6 Works

Data from: The role of pleiotropy and linkage in genes affecting a sexual ornament and bone allocation in the chicken

Martin Johnsson, Carl-Johan Rubin, Andrey Höglund, Anna-Stina Sahlqvist, Kenneth B. Jonsson, Susanne Kerje, Olov Ekwall, Olle Kämpe, Leif Andersson, Per Jensen & Dominic Wright
Sexual selection and the ornaments that inform such choices have been extensively studied, particularly from a phenotypic perspective. Although more is being revealed about the genetic architecture of sexual ornaments, much still remains to be discovered. The comb of the chicken is one of the most widely recognized sexual ornaments, which has been shown to be correlated with both fecundity and bone allocation. In this study we use a combination of multiple intercrosses between White...

Data from: The influence of mitonuclear genetic variation on personality in seed beetles

Hanne Løvlie, Elina Immonen, Emil Gustavsson, Erem Kazancioğlu, Göran Arnqvist & H. Lovlie
There is a growing awareness of the influence of mitochondrial genetic variation on life-history phenotypes, particularly via epistatic interactions with nuclear genes. Owing to their direct effect on traits such as metabolic and growth rates, mitonuclear interactions may also affect variation in behavioural types or personalities (i.e. behavioural variation that is consistent within individuals, but differs among individuals). However, this possibility is largely unexplored. We used mitonuclear introgression lines, where three mitochondrial genomes were introgressed...

Data from: Personality predicts social dominance in male domestic fowl

Anna Favati, Olof Leimar & Hanne Løvlie
Individuals in social species commonly form dominance relationships, where dominant individuals enjoy greater access to resources compared to subordinates. A range of factors such as sex, age, body size and prior experiences has to varying degrees been observed to affect the social status an individual obtains. Recent work on animal personality (i.e. consistent variation in behavioural responses of individuals) demonstrates that personality can co-vary with social status, suggesting that also behavioural variation can play an...

Data from: Coarse dark patterning functionally constrains adaptive shifts from aposematism to crypsis in strawberry poison frogs

Anna Qvarnström, Andreas Rudh, Torkel Edström, Anders Ödeen, Hanne Løvlie, Birgitta Tullberg & Birgitta S. Tullberg
Ecological specialization often requires tight co-evolution of several traits, which may constrain future evolutionary pathways and make species more prone to extinction. Aposematism and crypsis represent two specialized adaptations to avoid predation. We tested whether the combined effects of color and pattern on prey conspicuousness functionally constrain or facilitate shifts between these two adaptations. We combined data from 17 natural populations of Strawberry poison frogs, Oophaga pumilio with an experimental approach using digitalized images of...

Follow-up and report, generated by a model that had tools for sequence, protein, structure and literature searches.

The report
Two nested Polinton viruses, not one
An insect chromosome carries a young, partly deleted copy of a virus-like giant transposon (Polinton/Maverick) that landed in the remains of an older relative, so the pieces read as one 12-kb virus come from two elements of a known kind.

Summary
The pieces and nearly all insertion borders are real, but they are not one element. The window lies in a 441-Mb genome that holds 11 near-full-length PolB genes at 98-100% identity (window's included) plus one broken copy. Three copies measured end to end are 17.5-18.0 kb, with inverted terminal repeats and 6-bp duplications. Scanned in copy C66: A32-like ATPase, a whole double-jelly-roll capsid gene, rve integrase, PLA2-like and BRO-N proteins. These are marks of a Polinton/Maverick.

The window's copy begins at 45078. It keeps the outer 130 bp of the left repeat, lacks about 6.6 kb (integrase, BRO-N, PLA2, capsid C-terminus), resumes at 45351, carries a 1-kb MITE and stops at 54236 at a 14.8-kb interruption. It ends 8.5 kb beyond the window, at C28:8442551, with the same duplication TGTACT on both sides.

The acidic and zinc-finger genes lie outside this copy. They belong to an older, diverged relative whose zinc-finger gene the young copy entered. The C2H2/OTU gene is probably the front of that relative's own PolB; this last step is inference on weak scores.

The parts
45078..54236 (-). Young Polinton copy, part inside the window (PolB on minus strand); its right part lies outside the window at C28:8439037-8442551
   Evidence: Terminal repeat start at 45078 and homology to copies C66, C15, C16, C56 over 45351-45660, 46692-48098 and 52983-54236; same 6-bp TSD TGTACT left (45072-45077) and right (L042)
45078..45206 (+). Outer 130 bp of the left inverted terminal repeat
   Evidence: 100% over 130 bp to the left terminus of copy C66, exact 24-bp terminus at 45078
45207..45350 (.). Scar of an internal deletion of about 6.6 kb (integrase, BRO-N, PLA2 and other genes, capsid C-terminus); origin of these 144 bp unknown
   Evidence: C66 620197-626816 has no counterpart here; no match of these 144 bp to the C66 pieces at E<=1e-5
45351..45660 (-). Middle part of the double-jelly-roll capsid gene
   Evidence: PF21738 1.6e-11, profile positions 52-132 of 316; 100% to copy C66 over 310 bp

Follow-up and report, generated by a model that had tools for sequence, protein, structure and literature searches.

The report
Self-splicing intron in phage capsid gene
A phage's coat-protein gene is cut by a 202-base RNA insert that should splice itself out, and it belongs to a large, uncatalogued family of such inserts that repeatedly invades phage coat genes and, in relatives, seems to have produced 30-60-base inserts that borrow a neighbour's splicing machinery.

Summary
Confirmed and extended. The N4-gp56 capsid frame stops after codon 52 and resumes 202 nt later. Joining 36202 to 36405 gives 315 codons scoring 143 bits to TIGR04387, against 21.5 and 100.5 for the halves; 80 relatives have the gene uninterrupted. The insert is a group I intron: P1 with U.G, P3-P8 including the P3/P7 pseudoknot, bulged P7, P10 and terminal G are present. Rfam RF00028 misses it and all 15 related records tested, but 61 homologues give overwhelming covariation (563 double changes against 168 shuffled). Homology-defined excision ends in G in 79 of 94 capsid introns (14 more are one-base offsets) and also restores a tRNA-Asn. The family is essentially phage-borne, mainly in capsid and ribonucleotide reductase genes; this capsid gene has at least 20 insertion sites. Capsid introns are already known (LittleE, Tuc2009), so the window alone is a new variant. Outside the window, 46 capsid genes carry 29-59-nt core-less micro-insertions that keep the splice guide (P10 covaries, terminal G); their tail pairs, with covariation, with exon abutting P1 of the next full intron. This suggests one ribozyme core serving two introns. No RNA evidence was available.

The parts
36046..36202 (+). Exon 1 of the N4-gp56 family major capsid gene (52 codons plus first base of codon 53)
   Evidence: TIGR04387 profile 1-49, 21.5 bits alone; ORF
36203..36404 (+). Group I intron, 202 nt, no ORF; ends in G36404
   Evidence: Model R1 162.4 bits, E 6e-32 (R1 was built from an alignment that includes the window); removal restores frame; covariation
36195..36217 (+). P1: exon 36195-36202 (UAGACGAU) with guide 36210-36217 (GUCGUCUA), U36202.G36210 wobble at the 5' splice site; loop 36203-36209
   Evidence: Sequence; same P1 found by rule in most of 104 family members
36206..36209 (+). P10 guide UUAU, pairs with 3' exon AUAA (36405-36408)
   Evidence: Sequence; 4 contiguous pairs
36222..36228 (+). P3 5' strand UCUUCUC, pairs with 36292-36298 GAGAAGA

Data from: Farmers without borders - genetic structuring in century old barley (Hordeum vulgare)

Jenny Hagenblad, Nils E. G. Forsberg, Joanne Russell, Malcolm Macaulay & Matti W. Leino
The geographic distribution of genetic diversity can reveal the evolutionary history of a species. For crop plants, phylogeographic patterns also indicate how seed has been exchanged and spread in agrarian communities. Such patterns are, however, easily blurred by the intense seed trade, plant improvement and even genebank conservation during the twentieth century, and discerning fine-scale phylogeographic patterns is thus particularly challenging. Using historical crop specimens, these problems are circumvented and we show here how high-throughput...

Data from: Comparative support for the expensive tissue hypothesis: big brains are correlated with smaller gut and greater parental investment in Lake Tanganyika cichlids

Masahito Tsuboi, Arild Husby, Alexander Kotrschal, Alexander Hayward, Séverine Denise Büchel, Josefina Zidar, Hanne Løvlie & Niclas Kolm
The brain is one of the most energetically expensive organs in the vertebrate body. Consequently, the energetic requirements of encephalization are suggested to impose considerable constraints on brain size evolution. Three main hypotheses concerning how energetic constraints might affect brain evolution predict covariation between brain investment and i) investment into other costly tissues, ii) overall metabolic rate, and iii) reproductive investment. To date, these hypotheses have mainly been tested in homeothermic animals and the existing...

Registration Year

  • 2014

Resource Types

  • Dataset


  • Linköping University
  • Uppsala University
  • Stockholm University
  • James Hutton Institute
  • University of Helsinki
  • National Academy of Medicine
  • Norwegian University of Science and Technology